Located on the exterior of the press box and elevated on both sides are camera porches, which allow multiple coaches and/or schools to film the game. Deer Creek uses these on practice days if necessary as well.

Turf. Deciding on turf is a common theme among most athletic directors and coaches when discussing new renovation projects at their schools. The decision comes down to the pounding turf can withstand from a variety of sports and athletes, and it requires very little maintenance. Deer Creek officials echoed these ideas.

“It was important for us to get as much bang for the buck as we could,” Diefenderfer says. “Our stadium is used for football, track, soccer, band and even assemblies from time to time. So the whole school uses it.”

“We wanted to focus on other things and not constantly worry about the manpower and materials needed to keep up with grass,” Diefenderfer adds. “We visited a lot of schools in Oklahoma and out of state. We walked on different kinds of turf and heard nothing but satisfaction with their turf.”

Gower says the type of turf chosen was important as the weather varies in this part of Oklahoma, but the heat is a major factor. The decision was made to go with ATG Sports out of Kansas because, as Gower describes, “they were the only ones who could get us a 100 percent rubber infill. Based on the heat here, we thought the rubber would remain softer than sand compaction when you reached eight, 10 or 12 years down the road.”

Beyond the major decision of getting turf and what kind to install, Gower says when selecting turf it’s even important to discuss some of the smaller details, like what type of logo to place on the surface. No decision is too minor when it comes to project planning.

For Deer Creek, the decision was made to use the “DC” logo throughout the stadium, on the press box and in the variety of buildings being constructed, rather than the alternative deer antlers logo the school also utilizes from time to time.

“This gives us continuity among all our sports. In the center of our basketball court is this ‘DC’ logo,” Gower explains. “It just made sense to put it in the center of the football field, which is the soccer field as well. So, that’s the logo you see on either side of the press box, at the multisport building under the concession plaza and on the second floor of the foyer.”

Seating And Scoreboard. The stadium now features seating for 5,000, but Diefenderfer says deciding the type of seating also took some time and planning. He says there were debates over the number of seats, if the all the seats should be rail back or if some should be chair back (they went with both), and, most importantly, how this all fits into the budget.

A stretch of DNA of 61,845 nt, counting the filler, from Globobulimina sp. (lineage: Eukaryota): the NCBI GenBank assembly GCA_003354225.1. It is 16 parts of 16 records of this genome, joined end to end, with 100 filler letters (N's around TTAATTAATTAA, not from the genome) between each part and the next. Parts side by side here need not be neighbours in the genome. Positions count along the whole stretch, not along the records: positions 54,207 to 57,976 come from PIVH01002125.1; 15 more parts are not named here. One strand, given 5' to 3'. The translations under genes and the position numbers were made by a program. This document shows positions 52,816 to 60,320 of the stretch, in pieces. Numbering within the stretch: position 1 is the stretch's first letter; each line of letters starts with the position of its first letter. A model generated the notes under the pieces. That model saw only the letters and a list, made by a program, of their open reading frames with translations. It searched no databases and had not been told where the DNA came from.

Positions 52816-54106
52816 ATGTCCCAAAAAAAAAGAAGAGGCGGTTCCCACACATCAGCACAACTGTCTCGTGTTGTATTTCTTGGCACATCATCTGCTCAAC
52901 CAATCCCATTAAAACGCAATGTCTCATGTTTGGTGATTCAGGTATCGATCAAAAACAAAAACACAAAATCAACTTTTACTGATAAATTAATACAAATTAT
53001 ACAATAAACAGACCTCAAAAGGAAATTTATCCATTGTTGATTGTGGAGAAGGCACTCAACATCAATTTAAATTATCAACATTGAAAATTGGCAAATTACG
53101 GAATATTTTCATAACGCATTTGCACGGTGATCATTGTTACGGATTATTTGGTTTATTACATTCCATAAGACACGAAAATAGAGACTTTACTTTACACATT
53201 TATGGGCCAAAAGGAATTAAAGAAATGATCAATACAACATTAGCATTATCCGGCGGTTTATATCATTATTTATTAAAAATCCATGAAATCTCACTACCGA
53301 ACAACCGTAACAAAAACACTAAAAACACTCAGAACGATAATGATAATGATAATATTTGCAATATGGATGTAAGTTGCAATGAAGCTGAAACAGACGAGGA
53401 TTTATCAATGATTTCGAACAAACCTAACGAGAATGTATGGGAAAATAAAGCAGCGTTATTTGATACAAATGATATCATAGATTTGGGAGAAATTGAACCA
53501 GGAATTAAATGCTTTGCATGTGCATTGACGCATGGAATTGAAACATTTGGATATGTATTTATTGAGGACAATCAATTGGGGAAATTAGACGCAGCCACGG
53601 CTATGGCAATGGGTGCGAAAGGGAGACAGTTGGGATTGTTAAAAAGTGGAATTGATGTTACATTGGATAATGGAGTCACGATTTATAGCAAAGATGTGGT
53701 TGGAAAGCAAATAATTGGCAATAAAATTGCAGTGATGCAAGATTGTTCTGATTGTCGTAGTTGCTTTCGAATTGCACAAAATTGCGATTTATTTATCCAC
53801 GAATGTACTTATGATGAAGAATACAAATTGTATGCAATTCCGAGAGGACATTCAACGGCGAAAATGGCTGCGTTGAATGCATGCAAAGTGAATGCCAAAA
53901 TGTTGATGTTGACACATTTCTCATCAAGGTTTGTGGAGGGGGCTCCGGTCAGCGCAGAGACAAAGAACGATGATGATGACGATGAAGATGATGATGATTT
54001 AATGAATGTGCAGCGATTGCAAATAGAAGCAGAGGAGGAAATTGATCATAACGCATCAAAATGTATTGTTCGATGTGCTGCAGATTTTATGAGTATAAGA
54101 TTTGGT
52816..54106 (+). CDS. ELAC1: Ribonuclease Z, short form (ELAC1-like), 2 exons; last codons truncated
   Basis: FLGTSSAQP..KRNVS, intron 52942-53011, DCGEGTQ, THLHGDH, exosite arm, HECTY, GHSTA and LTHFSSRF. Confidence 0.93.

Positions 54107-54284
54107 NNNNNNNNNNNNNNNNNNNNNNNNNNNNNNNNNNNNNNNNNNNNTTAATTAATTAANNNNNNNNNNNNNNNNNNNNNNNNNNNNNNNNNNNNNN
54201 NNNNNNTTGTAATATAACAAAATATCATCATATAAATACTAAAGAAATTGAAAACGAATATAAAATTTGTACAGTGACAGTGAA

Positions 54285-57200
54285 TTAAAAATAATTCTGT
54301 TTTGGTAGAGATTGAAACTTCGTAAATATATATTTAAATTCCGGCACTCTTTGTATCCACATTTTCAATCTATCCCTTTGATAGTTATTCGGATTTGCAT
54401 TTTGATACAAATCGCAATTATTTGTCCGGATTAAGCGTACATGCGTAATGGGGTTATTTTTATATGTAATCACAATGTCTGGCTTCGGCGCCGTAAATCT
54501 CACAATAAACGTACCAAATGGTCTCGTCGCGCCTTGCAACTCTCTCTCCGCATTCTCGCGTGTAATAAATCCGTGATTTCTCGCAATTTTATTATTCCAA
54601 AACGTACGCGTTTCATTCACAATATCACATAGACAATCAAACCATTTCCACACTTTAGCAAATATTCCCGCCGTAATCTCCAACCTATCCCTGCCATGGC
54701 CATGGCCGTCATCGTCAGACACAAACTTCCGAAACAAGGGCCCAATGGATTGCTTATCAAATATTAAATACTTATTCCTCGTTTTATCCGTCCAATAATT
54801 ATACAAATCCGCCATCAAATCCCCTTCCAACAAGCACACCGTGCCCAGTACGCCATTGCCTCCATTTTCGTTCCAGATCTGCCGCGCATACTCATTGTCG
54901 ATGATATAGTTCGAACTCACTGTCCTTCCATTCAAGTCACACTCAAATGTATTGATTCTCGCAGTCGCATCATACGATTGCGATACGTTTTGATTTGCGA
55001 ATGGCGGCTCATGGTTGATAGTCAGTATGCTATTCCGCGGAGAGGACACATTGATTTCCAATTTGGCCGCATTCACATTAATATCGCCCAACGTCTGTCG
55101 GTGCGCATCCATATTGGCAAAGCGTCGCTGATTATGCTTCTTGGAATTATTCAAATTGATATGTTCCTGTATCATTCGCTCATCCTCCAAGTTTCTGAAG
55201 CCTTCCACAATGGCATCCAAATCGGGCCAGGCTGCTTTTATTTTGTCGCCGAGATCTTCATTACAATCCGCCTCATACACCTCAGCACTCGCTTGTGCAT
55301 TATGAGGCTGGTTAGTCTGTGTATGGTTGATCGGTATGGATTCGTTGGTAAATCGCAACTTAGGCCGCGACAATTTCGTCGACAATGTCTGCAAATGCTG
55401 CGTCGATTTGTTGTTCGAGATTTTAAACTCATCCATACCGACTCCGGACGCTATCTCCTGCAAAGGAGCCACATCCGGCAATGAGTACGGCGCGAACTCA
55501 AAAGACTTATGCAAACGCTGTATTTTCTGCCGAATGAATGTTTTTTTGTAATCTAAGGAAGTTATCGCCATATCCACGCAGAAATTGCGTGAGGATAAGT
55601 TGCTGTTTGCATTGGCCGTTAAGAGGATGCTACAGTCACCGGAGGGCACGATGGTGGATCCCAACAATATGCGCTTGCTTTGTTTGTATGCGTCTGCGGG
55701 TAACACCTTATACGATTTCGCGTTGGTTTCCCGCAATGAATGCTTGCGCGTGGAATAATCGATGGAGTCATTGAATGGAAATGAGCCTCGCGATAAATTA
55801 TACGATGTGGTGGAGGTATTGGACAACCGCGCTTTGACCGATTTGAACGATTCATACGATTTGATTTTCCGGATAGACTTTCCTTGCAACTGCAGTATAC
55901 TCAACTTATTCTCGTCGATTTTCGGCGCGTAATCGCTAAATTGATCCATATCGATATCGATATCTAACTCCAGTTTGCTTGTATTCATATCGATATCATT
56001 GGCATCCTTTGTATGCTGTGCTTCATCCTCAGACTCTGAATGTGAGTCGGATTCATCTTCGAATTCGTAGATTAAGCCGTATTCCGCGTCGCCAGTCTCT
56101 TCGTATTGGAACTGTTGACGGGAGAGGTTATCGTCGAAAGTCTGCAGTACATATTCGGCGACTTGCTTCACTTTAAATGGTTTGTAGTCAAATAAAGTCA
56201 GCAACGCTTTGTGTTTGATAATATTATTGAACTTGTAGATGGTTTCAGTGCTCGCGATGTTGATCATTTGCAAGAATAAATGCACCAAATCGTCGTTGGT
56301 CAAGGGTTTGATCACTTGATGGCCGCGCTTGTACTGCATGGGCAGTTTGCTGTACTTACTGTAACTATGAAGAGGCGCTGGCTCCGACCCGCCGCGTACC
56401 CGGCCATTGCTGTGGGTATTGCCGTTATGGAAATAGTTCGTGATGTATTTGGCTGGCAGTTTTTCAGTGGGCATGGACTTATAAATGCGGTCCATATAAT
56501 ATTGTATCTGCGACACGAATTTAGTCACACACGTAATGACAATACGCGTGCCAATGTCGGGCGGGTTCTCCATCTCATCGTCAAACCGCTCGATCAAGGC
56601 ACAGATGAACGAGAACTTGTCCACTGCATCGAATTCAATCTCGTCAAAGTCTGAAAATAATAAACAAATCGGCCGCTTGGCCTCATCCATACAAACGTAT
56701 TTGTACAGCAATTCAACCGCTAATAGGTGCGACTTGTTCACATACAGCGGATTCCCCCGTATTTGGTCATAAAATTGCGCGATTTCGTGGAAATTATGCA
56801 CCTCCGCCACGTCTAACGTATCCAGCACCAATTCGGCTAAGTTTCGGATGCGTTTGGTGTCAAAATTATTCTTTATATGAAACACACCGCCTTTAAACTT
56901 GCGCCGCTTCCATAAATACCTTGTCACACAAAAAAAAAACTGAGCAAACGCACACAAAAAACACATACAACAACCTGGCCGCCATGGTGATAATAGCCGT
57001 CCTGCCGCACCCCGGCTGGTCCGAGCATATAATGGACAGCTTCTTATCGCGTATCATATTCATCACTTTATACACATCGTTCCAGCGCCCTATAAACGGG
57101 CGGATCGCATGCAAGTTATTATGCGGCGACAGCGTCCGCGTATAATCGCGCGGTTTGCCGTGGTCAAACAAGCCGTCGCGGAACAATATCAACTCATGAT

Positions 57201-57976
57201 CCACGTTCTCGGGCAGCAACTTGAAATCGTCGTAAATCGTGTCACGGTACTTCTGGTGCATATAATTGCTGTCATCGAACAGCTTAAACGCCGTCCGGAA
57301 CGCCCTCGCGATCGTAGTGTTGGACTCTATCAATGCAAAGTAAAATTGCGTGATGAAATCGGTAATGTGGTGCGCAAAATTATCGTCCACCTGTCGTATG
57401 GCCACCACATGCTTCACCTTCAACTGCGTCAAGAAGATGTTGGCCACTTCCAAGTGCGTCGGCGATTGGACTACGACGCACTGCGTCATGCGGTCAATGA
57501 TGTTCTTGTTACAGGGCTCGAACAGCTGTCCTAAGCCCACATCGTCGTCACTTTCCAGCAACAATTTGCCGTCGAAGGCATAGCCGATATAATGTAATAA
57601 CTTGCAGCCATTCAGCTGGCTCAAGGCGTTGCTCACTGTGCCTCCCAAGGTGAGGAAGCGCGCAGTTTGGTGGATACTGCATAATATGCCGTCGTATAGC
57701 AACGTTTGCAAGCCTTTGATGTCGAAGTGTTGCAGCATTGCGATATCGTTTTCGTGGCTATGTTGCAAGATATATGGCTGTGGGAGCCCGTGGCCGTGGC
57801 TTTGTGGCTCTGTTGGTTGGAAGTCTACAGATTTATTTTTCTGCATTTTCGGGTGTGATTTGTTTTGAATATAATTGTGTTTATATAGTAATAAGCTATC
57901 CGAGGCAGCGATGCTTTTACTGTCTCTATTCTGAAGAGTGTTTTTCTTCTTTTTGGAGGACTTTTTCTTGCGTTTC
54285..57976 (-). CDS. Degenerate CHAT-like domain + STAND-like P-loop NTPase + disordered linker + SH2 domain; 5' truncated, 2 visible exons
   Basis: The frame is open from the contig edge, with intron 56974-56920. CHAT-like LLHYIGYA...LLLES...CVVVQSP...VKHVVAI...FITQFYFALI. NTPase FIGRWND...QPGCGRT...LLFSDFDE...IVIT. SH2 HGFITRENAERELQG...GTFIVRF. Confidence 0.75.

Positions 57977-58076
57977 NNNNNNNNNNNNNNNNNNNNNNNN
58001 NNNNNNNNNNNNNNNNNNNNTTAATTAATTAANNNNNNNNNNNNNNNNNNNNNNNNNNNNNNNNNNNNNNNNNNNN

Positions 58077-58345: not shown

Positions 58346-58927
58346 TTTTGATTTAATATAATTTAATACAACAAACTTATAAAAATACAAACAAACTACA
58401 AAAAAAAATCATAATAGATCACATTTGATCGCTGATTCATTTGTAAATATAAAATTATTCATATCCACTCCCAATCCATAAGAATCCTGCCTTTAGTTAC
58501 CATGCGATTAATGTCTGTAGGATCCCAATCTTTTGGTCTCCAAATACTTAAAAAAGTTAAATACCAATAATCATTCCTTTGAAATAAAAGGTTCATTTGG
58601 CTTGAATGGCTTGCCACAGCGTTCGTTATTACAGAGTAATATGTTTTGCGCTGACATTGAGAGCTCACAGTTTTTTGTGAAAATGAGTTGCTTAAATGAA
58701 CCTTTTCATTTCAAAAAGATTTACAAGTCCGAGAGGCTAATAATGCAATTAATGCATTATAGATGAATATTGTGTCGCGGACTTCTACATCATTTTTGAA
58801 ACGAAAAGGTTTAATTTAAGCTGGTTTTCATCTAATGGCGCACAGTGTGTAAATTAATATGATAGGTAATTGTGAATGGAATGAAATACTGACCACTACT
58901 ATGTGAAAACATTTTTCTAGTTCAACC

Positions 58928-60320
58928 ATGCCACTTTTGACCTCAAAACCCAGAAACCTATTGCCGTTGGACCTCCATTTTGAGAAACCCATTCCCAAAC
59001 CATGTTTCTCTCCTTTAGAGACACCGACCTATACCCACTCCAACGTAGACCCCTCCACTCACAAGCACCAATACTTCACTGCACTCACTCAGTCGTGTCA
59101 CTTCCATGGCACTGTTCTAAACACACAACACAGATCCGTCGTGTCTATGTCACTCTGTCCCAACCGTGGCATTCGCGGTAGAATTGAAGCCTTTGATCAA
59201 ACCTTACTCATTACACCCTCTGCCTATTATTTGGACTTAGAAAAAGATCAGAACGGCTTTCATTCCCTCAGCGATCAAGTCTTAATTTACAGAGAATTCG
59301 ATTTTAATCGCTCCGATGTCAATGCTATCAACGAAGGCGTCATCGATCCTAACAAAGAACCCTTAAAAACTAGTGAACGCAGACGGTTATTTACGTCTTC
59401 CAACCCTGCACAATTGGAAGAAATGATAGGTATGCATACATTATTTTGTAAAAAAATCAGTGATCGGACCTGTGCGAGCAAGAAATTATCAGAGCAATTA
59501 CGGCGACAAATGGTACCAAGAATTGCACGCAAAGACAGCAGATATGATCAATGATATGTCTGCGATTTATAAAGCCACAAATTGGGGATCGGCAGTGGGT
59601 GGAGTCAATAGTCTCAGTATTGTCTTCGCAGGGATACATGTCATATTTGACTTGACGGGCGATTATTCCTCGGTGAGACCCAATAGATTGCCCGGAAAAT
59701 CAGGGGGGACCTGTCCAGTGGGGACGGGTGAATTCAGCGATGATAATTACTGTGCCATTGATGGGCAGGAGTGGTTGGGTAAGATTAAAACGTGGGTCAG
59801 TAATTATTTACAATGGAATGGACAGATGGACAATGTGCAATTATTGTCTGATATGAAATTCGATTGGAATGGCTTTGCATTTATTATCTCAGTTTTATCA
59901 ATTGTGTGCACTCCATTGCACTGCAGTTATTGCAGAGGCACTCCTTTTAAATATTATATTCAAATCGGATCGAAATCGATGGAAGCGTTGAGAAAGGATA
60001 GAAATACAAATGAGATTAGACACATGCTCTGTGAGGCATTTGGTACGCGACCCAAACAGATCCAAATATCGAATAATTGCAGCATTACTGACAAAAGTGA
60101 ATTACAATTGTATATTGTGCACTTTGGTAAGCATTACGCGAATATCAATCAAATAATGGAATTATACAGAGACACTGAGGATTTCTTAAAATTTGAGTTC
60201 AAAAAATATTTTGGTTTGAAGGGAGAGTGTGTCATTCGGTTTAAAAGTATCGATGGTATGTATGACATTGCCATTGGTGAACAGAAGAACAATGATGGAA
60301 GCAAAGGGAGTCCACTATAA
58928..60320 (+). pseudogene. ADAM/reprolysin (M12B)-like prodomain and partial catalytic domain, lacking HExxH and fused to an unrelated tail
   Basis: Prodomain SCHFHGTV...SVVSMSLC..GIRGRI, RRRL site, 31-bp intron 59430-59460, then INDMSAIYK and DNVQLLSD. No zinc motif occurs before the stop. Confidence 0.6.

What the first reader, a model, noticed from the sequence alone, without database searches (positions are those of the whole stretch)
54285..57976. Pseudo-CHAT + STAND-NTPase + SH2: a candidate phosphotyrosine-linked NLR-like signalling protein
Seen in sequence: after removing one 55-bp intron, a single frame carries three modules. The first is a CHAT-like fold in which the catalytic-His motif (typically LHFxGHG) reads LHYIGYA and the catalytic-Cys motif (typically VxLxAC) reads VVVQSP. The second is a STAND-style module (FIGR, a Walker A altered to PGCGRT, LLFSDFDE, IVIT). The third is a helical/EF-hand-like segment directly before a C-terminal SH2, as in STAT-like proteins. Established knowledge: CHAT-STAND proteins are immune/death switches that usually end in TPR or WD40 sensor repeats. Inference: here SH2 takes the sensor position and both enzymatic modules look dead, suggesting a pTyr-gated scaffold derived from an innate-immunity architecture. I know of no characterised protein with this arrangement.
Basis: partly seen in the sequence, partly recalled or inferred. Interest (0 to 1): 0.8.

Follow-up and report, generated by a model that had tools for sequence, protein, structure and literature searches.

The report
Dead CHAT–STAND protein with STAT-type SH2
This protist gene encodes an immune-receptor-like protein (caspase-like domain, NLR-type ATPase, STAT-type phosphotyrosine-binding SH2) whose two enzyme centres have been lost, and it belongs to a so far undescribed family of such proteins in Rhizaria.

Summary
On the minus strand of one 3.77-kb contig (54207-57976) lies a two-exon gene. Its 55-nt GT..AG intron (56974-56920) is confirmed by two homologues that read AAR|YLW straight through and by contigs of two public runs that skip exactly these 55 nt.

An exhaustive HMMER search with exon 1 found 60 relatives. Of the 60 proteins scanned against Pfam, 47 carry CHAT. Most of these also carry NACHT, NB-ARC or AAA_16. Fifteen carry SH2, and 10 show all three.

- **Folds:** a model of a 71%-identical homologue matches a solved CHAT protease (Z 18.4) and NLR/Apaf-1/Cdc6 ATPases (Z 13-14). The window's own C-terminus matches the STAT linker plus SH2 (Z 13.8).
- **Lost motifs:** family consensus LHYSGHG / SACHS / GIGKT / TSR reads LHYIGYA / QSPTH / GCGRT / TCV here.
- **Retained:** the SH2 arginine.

With its central Oklahoma location, Deer Creek is a perfect location to serve as a host to playoff football games, which previously was not an option due a lack of seating. “This now is a revenue source for us,” Gower says.

Deer Creek

In addition, when doing such a massive renovation like this to the stadium, many might expect a new scoreboard to be added as well. That didn’t happen at Deer Creek.

“Even though we had a generous budget to work with, we still had to make priorities,” Diefenderfer says. “Our scoreboard was functional and we decided to keep it.”

The only catch to keeping the scoreboard was it had to be moved to the opposite end of the stadium. With the Multisport Complex going in on the western end of the stadium and a second level of seating being installed there, the scoreboard acted as an obstruction, forcing it to a new home on the east end of the field.

Renovation Phase II: Weight Room

Another athletics area where everyone is welcome and encouraged to utilize is the new weight room. The old weight room was not equipped with heat or air conditioning (not ideal for those stifling late-summer football workouts). Now, in the new space, completed in January 2012, the players’ sole focus is the task at hand and not the elements.

Constructed under the stadium and at a length of 110 feet and a width of 40 feet, there are two running lanes down the middle of the space with another lane to the outside, so players can do more than just lift. Gower says his team does a lot of their winter sprint work in this new building.

Once again, Gower was a major part of the concept behind what went where and how to use the space.

“We went with double racks rather than platform, which opened up the running space. Our track team (the boys won the state title last year while the girls finished as state runner-up) comes in here in bad weather and can do some sprinting,” Gower explains. “Just this past March we were scheduling the basketball, wrestling and track teams in here, as well as offseason football lifting. It’s already getting a lot of use.”

Renovation Phase III: Multisport Complex, Softball Facilities

The crown jewel of the Deer Creek High renovation to this point (until the Performing Arts And Athletic Center is finished in 2013) is the Multisport Complex. Situated just beyond the west end of the stadium, this 46,000-square-foot building now is home to 350 to 400 athletes and coaches, and covers individual lockers, offices and meeting space for football, baseball, boys soccer, boys track and cross country, girls soccer, softball, girls track and cross country.

“We were running out of space previously for our athletes, for our coaches and for our storage,” Diefenderfer says. “Our previous space was not withstanding the test of time due to our growth.”

Beyond the individual sport areas, the $8.5 million Multisport Complex features a full-service concessions area, a giant film room with a divider to maximize space, a training room, a laundry room with two commercial washers and dryers, an equipment room maximized for storage and efficiency, a foyer where events can be hosted and a second-level outdoor seating area providing some fans a separate, intimate, unique view of home football games.